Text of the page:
NHL Morning Rumor Mill – August 28, 2013.

Updates on Derek Stepan and Ilya Bryzgalov, plus a look at the Rangers options if Henrik Lundqvist doesn’t re-sign with them next summer.

NY Rangers would find few worthy options next summer to replace Henrik Lundqvist.

NY Rangers would find few worthy options next summer to replace Henrik Lundqvist.

NBC SPORTS PRO HOCKEY TALK: Joe Yerdon examines the NY Rangers options if they fail to re-sign goaltender Henrik Lundqvist next summer, listing Jonas Hiller, Ryan Miller, Corey Crawford and Jaroslav Halak among next summer’s potential free agents. Yerdon noted Lundqvist doesn’t see himself leaving the Rangers and isn’t thinking about free agency.

SPECTOR’S NOTE: The Rangers will open the vault to keep Lundqvist, potentially making him the highest-paid goaltender in the NHL. If he wins the Vezina, he’ll definitely become the highest-paid. I believe Rangers management could wait until June to determine how much the salary cap will rise next season before making a serious pitch to Lundqvist.

NORTHJERSEY.COM/NEWSDAY:  NY Rangers RFA center Derek Stepan remains patient in his contract negotiations, staying hopeful he’ll re-sign before training camp opens in two weeks. Newsday’s Steve Zipay suggests Stepan “deserves” a long-term extension worth $4 million, but the Rangers (due to limited cap space) are offering him a two-year bridge contract for an undisclosed amount. Stepan wouldn’t get into the details as to what could be holding up his re-signing.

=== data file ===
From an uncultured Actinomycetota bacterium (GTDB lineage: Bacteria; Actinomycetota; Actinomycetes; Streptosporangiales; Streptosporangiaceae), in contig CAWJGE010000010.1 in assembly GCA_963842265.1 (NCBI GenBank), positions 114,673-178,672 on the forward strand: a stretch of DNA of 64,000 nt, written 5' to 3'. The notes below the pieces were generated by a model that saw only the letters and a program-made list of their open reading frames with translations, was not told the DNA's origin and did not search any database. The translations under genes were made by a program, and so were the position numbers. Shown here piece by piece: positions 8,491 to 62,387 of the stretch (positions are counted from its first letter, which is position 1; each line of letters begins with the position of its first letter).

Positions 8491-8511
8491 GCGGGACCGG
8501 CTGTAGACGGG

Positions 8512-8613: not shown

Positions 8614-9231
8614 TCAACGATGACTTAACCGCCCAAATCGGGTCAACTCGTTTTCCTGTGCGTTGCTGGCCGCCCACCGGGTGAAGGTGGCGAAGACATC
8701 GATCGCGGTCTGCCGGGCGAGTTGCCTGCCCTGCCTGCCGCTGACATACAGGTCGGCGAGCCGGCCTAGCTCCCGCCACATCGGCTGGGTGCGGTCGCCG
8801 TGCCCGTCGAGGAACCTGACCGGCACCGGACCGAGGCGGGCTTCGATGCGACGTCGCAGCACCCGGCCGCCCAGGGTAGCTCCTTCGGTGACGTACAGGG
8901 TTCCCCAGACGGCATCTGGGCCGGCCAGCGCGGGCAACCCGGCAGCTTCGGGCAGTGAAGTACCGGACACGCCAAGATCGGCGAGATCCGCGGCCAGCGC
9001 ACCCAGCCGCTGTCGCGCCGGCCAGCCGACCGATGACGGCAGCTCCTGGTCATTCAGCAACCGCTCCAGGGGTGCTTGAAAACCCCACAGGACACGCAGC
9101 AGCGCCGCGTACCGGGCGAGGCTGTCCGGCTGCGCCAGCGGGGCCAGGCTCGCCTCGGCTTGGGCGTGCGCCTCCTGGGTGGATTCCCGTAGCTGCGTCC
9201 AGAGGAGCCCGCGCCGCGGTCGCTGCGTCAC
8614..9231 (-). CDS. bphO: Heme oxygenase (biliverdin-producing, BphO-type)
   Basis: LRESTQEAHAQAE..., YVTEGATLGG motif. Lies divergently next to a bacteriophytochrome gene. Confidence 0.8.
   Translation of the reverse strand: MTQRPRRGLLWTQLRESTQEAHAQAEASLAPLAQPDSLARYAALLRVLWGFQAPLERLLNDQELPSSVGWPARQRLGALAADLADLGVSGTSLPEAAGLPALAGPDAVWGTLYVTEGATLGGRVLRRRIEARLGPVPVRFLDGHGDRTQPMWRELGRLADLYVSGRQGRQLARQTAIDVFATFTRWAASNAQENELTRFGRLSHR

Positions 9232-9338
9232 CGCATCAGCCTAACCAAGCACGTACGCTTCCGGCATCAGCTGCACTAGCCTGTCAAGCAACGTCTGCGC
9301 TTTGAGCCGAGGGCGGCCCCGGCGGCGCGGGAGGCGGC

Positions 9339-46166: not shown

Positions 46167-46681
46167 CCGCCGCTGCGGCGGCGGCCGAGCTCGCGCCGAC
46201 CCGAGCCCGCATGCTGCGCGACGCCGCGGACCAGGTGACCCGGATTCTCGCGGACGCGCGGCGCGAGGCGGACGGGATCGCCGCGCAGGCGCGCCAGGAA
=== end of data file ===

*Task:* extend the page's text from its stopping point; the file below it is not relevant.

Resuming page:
SPECTOR’S NOTE: Stepan doesn’t sound as though he’s thinking of staging a holdout. Though Stepan has earned a significant raise above the $875K  per season on his ELC, the Rangers only have $2.1 million in cap space and cannot afford to pay him $4 million per season. He could be forced to settle for a two-year deal at $1.8 million per.

YAHOO! SPORTS’s Dmitry Chesnokov recently reported via Twitter “CSKA GM Sergei Fedorov says the door is open at his club for Ilya Bryzgalov, who is still looking for a team.”

SPECTOR’S NOTE: The KHL could be Bryzgalov’s only option, as there appears no interest in his services around the NHL.


  1. I would love to see some offer sheets this summer. Players like Stepan or Kadri. Nothing major not 8 years deals but rather 2years 5M a year. I know both teams will match but teams will have to make some significant moves to get under the cap and that will weaken both clubs. imo

    For instance a team like NYI, Buffalo, Florida and Phoenix Coyotes going after Stepan or Kardi.

    • I do like the concept of offer sheets, though the mechanism its needs some work. there’s no reason for its tabo status, offer sheets force GMs to lose a bit of leverage w/ their RFAs and would reduce pro players being stuffed in the system. most of all, it would induce action, specifically trading.

      • Agreed. No idea why it’s such bad form to use an offer sheet – isn’t it just business?